Xylitol’s Impact on Stroke and Heart Attack Rates

Concerns about the safety of artificial sweeteners have resurfaced. The term “sugar alcohol” might already sound concerning in terms of health, and recent findings support such skepticism. A study conducted by the Cleveland Clinic has found that xylitol, a low-calorie sugar substitute, is associated with a higher risk of heart attacks, strokes, or deaths related to cardiovascular issues.

Xylitol, a sugar substitute with fewer calories and a low glycemic index, is a type of sugar alcohol naturally present in modest amounts in fruits and vegetables, and is also produced by the human body. Despite the name, sugar alcohols do not contain actual alcohol. As a food additive, xylitol resembles sugar in appearance and taste but contains 40% fewer calories. It is utilized in significantly higher concentrations than those occurring naturally in products like sugar-free gum, candies, toothpaste, and baked goods, and is often found in items marketed as keto-friendly.

The research team noted that over the last ten years, the use of sugar substitutes, including sugar alcohols and artificial sweeteners, has greatly increased in processed foods advertised as healthy options. Xylitol, in particular, is being integrated into dietary guidelines, and those most at risk of consuming it are individuals with diabetes, which are also the ones most vulnerable to heart attacks and strokes. Additionally, this uptick in the use of sugar substitutes coincides with growing concerns about escalating obesity rates.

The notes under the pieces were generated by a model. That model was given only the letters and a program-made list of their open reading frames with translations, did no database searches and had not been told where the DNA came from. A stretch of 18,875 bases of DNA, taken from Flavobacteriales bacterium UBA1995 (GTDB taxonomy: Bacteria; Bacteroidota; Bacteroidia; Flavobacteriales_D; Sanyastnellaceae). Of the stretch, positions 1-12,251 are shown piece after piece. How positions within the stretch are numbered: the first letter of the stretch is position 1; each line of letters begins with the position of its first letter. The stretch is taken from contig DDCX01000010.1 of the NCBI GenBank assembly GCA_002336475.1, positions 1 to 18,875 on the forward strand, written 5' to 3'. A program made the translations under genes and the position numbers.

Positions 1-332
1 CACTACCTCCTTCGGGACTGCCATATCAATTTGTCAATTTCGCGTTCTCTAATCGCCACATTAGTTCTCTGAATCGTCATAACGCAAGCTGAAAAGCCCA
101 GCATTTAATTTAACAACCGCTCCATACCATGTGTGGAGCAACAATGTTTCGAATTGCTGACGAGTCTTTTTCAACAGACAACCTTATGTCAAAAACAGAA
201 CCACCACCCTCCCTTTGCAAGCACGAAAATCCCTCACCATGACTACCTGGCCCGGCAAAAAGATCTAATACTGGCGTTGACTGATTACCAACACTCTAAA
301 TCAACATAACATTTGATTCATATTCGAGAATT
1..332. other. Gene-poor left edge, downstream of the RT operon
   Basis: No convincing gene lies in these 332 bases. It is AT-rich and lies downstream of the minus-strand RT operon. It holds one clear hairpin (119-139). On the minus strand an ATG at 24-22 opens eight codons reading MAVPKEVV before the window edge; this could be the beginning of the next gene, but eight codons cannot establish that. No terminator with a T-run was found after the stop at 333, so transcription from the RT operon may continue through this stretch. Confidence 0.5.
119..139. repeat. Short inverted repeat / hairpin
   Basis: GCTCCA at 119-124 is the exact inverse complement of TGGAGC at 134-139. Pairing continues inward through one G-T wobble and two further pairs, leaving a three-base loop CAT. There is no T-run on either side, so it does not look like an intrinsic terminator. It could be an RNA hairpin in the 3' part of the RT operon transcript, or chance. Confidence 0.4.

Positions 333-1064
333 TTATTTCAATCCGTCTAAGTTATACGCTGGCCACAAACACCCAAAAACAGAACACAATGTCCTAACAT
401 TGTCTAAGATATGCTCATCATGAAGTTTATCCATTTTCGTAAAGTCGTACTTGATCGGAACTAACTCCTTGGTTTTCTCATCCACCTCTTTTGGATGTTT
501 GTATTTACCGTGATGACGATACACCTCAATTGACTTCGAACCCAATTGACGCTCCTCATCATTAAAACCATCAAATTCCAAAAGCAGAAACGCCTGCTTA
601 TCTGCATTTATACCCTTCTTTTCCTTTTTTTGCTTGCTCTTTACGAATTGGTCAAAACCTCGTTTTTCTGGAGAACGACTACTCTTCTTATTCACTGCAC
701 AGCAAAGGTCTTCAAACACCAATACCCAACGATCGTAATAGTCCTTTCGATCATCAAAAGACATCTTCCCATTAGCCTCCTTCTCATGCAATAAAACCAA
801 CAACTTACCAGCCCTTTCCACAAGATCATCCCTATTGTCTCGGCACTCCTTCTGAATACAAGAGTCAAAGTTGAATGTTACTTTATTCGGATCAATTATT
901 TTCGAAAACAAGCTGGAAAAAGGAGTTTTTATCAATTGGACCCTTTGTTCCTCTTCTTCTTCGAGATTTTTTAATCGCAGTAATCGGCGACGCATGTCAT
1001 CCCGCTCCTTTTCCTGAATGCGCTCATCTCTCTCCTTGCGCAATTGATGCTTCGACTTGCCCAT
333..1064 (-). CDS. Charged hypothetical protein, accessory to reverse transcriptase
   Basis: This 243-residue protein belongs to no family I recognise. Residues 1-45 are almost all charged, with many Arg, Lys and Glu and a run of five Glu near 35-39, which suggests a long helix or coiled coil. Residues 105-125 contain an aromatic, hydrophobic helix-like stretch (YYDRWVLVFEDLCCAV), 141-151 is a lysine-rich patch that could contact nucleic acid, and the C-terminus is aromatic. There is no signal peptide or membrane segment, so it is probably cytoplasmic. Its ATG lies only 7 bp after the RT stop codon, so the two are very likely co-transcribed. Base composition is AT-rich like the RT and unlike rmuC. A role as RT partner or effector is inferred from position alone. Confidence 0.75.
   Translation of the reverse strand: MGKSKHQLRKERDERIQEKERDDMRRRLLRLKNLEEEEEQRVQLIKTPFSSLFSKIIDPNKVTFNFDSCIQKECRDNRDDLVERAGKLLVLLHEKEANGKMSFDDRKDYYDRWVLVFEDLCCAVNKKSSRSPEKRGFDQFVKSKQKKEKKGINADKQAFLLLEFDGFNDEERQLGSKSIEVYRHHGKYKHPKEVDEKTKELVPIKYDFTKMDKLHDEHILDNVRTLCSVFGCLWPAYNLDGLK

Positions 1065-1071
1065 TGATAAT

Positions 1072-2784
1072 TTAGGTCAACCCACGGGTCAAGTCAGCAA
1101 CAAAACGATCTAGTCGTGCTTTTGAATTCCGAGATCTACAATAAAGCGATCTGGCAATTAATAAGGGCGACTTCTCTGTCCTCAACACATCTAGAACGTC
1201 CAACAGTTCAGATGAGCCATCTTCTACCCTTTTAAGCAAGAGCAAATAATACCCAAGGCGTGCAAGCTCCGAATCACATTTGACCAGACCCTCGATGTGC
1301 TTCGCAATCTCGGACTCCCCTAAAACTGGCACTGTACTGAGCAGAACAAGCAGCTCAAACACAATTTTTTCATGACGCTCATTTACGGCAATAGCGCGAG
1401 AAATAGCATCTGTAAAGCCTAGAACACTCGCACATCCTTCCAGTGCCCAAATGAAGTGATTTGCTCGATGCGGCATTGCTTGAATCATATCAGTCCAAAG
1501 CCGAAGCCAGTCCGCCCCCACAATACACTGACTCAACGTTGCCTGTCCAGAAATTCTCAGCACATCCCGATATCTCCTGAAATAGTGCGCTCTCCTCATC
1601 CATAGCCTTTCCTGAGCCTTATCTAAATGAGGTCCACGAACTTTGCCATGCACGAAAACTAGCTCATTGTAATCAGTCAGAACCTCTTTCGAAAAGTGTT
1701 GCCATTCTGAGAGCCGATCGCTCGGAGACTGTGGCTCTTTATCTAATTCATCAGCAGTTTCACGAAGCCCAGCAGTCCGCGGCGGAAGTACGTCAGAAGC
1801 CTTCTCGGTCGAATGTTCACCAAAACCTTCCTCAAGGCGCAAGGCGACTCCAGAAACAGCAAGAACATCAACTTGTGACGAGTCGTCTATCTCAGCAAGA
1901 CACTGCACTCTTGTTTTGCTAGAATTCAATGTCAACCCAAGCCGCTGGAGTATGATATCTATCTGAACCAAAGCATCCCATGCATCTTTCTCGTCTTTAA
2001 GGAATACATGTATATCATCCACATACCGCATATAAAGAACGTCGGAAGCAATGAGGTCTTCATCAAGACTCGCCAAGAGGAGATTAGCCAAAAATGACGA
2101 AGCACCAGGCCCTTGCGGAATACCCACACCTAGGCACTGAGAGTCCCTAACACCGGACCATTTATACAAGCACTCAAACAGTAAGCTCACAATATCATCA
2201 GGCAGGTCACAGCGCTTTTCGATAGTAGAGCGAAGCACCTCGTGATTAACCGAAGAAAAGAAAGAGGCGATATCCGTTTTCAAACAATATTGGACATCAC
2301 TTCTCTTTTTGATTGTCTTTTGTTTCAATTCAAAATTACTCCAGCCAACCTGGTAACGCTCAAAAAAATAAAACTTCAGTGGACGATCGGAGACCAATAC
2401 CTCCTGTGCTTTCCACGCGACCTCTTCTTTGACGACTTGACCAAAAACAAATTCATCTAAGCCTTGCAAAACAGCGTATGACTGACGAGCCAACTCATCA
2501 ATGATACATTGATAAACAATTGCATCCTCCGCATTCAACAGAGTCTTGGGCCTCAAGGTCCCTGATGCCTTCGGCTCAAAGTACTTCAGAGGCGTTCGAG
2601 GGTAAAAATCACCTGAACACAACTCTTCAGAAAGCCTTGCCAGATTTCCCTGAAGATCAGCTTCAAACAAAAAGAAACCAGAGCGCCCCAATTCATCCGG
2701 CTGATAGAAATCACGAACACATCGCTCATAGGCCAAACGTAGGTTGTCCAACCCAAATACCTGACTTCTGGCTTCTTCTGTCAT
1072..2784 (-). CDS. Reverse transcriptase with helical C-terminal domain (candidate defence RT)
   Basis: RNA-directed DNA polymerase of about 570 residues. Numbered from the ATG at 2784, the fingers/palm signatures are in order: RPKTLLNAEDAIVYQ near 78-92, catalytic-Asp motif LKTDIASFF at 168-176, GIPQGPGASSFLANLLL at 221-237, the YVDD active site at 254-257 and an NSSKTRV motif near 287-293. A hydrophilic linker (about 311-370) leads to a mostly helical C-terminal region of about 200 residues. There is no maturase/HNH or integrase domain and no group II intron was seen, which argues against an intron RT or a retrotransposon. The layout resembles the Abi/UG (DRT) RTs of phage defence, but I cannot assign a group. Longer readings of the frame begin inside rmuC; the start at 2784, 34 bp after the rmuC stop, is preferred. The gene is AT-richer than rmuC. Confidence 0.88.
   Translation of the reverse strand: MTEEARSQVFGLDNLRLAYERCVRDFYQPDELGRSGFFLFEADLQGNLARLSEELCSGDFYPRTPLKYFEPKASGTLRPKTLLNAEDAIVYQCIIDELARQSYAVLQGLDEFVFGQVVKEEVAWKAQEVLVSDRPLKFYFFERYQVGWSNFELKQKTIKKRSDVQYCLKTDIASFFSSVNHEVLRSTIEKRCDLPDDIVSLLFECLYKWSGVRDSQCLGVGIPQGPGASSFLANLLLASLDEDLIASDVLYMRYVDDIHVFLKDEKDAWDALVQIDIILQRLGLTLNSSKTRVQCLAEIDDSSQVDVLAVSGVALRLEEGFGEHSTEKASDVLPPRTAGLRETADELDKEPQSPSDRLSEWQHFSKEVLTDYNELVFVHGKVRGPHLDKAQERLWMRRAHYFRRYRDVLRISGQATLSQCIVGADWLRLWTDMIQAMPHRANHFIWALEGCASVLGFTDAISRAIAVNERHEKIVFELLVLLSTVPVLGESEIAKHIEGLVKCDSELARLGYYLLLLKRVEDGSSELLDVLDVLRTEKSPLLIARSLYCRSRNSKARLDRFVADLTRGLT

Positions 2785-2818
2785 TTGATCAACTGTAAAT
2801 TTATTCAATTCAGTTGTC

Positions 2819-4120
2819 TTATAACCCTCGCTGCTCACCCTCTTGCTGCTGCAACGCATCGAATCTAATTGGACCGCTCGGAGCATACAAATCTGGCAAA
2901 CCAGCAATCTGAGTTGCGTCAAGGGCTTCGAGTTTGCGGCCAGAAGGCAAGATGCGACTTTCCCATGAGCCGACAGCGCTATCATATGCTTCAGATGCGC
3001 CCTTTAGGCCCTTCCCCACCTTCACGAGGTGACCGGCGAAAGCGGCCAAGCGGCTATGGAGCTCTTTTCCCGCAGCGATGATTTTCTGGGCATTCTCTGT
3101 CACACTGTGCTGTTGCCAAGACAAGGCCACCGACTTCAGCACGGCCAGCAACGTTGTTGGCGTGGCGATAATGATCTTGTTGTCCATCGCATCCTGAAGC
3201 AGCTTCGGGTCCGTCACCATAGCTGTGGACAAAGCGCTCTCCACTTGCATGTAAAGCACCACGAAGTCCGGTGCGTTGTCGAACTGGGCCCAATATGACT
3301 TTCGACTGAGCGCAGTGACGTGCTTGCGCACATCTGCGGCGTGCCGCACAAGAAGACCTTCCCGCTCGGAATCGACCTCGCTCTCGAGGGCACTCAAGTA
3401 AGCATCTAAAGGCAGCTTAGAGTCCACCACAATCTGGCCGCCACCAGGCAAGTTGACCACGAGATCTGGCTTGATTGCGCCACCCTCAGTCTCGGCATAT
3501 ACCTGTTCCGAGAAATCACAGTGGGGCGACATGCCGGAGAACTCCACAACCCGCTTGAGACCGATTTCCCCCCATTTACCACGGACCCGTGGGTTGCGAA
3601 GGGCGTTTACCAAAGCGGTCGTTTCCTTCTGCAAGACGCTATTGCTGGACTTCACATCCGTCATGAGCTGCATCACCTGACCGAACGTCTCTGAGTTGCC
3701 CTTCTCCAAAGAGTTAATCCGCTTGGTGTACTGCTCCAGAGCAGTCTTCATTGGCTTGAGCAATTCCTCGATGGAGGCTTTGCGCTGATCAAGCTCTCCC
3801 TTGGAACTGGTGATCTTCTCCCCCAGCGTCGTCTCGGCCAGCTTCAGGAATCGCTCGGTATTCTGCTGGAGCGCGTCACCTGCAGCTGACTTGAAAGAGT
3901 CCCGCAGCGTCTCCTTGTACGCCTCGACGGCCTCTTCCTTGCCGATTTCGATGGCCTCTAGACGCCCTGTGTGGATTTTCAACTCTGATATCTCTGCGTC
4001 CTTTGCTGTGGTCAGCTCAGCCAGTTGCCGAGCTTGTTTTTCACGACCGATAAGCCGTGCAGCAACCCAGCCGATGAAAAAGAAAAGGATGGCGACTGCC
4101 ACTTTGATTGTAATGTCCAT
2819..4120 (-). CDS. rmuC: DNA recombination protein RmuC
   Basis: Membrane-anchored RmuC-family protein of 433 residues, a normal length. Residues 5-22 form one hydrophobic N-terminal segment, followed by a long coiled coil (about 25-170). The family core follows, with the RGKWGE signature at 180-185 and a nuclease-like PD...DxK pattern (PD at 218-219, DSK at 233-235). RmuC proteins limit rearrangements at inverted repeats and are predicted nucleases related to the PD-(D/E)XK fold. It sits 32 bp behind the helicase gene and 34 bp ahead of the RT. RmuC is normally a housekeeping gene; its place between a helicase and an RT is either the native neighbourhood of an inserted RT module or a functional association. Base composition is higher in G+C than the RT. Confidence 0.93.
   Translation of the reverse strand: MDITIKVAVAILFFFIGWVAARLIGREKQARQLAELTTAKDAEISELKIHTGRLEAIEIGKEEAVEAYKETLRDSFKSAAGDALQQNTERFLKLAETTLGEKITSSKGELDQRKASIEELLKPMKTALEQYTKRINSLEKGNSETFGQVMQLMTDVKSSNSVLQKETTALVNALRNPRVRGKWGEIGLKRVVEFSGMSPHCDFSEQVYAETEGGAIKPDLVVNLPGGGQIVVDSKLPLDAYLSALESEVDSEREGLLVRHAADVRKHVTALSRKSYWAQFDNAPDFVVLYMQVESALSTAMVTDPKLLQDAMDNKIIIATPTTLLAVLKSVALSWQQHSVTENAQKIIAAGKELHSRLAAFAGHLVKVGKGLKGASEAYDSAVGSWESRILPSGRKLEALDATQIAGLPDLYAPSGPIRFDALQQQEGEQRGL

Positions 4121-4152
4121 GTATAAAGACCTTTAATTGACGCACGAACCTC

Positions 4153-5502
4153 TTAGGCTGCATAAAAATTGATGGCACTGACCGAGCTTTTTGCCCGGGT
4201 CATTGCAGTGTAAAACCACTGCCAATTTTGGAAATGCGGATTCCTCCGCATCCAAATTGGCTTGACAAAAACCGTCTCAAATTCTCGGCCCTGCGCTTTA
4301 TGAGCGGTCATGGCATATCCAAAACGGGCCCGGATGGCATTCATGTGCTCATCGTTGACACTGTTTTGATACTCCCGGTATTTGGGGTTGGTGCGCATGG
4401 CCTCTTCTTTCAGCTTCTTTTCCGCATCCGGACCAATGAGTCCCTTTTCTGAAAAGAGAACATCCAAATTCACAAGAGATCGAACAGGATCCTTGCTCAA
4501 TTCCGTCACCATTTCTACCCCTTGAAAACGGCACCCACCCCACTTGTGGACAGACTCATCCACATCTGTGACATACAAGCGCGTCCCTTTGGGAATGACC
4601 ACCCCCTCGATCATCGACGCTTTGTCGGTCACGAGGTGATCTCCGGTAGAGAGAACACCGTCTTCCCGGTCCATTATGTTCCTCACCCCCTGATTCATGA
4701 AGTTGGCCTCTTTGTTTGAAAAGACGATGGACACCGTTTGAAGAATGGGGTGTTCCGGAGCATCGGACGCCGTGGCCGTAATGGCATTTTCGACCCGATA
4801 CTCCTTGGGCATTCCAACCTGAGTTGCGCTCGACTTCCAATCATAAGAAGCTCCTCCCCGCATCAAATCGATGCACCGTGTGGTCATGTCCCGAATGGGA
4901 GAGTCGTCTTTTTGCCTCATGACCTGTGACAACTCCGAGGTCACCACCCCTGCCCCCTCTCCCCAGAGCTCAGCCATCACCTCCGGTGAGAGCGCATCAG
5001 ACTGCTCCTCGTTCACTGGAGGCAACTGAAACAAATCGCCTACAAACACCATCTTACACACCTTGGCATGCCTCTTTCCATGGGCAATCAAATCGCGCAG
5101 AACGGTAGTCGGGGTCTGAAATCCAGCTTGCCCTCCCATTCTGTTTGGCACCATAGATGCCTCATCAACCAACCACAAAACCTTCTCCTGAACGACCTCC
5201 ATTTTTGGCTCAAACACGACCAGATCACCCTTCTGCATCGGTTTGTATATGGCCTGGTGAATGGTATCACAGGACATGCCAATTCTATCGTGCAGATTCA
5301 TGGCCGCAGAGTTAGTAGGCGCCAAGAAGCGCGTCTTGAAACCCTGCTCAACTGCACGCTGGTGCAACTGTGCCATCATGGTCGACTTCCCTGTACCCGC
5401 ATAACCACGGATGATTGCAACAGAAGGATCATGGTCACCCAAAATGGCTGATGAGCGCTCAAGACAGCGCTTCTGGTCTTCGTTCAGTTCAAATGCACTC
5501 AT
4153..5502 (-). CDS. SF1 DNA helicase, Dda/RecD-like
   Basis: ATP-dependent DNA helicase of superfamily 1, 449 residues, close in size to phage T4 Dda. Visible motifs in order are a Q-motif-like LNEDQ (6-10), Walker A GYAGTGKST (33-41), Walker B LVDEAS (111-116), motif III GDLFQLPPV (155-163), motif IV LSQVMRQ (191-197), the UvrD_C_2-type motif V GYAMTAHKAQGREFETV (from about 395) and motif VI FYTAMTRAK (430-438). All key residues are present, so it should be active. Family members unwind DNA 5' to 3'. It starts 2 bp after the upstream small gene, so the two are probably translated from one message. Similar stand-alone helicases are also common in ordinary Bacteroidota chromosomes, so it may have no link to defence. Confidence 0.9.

The research team conducted a study involving over 3,000 participants from the U.S. and Europe over a three-year period. They discovered that individuals with the highest levels of xylitol in their blood were more prone to cardiovascular issues. To examine the immediate effects of xylitol, the researchers monitored platelet activity in participants who consumed drinks sweetened with xylitol and glucose. Following the consumption of the xylitol-sweetened drink, xylitol levels in the participants surged by 1,000 times, a spike not observed after drinking the glucose-sweetened beverage.

While further research is necessary, it may be wise to steer clear of xylitol and other sugar alcohols, which typically end in ‘itol. It’s advisable to use small amounts of natural sweeteners like sugar, honey, or fruit instead. Rather than substituting sugar with artificial sweeteners, a better approach might be to focus on enhancing the diet with high-quality components such as vegetables and fruits that provide natural sugars.

To view the original scientific study click below:
Xylitol is prothrombotic and associated with cardiovascular risk